Fertilizer and seed companies will benefit but crop protection companies will be hurt by this year's drought, says industry analyst Mark Gulley, Gulley & Associates, LLC. In his latest look at the ag chemical companies, Gulley tells clients he sees the drought as a "potential negative for crop protection supplies. Drought conditions affect the three categories of crop protection chemicals differently and chemicals applied in the spring have already been used. In-season emergent herbicides could be the hardest hit; if crops aren't growing neither are weeds," he states. "Fungicide sales should be hit since fungus growth is positively correlated with humidity. Insecticide sales tend to be much less affected by drought as some insects can do well in the heat."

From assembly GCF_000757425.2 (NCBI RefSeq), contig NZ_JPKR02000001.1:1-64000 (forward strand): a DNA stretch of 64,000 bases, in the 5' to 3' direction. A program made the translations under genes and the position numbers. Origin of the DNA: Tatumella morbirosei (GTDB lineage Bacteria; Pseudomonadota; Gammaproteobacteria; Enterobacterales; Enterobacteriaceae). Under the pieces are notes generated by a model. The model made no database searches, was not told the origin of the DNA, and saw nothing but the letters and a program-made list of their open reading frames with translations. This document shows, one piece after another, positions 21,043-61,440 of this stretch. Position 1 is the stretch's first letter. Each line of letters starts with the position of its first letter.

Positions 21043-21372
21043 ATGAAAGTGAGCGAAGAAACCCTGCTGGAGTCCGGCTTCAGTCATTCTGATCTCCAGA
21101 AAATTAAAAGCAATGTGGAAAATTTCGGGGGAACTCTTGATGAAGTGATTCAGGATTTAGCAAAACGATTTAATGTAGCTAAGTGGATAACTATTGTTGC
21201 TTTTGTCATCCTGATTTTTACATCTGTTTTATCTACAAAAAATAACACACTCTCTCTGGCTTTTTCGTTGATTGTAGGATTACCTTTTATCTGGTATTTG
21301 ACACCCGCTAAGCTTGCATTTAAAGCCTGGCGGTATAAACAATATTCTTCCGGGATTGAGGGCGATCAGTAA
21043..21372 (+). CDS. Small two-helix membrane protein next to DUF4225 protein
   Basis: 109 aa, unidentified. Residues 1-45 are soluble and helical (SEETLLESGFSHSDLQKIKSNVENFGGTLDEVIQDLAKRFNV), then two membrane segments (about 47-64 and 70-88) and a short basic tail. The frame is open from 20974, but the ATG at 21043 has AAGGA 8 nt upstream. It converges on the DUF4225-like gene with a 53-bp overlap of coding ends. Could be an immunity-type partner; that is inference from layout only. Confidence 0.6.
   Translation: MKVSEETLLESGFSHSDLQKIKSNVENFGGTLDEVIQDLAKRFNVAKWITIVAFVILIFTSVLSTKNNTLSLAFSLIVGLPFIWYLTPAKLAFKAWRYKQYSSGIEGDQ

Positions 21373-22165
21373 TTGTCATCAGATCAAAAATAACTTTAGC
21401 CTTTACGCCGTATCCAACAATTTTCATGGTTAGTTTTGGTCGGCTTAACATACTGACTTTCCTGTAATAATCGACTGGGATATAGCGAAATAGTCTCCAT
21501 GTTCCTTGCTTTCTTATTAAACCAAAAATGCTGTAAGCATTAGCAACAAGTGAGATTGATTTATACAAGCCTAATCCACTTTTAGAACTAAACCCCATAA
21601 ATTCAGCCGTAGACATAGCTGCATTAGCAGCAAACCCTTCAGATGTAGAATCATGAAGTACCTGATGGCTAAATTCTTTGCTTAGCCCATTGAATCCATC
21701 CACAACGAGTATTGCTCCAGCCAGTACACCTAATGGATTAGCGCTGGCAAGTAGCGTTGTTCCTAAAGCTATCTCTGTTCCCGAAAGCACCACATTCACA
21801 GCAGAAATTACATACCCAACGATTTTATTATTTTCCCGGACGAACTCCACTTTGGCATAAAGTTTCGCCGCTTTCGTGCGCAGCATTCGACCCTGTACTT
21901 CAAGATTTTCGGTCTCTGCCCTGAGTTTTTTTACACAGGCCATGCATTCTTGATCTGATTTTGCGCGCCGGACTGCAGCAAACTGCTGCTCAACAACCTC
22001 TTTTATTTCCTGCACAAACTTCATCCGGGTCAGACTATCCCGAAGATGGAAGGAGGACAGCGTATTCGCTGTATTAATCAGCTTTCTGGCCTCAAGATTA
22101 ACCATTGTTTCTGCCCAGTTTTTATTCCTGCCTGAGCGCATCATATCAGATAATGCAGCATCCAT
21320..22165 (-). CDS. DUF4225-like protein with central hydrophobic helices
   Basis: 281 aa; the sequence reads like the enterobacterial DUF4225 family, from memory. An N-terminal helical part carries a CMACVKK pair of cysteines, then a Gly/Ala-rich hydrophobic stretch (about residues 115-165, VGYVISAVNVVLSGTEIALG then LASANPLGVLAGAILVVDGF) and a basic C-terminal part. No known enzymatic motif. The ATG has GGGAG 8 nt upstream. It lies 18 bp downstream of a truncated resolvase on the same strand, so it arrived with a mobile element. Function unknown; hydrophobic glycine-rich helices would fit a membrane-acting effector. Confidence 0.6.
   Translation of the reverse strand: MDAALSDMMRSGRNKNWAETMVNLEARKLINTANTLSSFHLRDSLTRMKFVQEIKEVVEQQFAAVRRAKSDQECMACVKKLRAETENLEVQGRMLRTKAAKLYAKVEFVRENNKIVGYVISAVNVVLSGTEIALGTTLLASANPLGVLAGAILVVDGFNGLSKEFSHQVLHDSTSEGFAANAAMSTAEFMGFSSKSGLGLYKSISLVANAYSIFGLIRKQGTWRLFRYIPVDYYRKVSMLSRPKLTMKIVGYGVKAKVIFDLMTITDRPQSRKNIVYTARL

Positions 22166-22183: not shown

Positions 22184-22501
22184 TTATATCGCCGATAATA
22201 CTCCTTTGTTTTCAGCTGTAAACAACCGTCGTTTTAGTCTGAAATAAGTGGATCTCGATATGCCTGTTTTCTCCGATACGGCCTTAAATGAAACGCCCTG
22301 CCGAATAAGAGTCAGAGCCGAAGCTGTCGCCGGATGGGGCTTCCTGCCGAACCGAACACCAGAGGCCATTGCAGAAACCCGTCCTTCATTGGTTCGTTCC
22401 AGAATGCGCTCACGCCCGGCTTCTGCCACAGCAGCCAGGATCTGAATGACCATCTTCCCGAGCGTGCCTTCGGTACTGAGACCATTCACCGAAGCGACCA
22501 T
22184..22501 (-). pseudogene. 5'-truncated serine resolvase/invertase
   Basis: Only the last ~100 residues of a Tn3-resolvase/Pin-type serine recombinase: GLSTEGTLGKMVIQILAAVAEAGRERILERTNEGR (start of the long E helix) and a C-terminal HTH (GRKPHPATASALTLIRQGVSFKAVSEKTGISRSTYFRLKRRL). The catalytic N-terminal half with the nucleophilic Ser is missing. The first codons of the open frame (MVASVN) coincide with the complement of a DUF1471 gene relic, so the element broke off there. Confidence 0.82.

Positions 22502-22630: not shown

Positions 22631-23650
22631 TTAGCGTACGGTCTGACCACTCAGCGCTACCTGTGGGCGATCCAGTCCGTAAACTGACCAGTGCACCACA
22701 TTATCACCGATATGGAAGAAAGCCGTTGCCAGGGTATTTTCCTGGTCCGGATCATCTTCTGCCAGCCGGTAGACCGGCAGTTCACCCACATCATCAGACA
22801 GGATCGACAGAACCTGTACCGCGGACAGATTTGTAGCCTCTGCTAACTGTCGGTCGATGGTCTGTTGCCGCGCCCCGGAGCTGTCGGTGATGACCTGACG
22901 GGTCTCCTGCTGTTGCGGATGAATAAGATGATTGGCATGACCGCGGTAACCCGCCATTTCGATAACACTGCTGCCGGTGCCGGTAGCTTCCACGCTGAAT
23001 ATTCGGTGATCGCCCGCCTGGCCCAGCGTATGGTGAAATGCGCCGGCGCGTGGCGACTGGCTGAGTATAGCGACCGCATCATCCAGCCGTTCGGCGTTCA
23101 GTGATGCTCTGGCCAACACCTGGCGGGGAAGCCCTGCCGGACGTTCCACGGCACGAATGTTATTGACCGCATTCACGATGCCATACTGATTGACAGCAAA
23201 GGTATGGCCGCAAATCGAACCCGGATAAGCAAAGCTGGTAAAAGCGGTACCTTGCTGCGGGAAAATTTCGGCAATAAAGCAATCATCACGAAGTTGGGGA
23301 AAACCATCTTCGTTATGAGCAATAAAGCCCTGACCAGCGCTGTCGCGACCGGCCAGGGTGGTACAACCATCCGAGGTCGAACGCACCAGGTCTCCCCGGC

Gulley says the drought is a "major positive for seed suppliers. The severe drought is hitting U.S. seed corn and seed soy production hard, limiting seed supply for next year's 2013-14 crop. But it's worst for the small regional seed producers. The majors have good access to winter nursery seed production in S.A., so they can collectively gain share. Seed price increases next year could exceed this year's due to less discounting, especially late-season," he says.
On the crop nutrient side, he says "since there's a solid correlation between crop prices and crop nutrient prices, highest for nitrogen, lowest for potash, fertilizer prices could bottom and begin to firm as the fall 2012 application season approaches. But increases are likely to be limited by the prospect for lower crop prices next years, assuming normal weather," he says.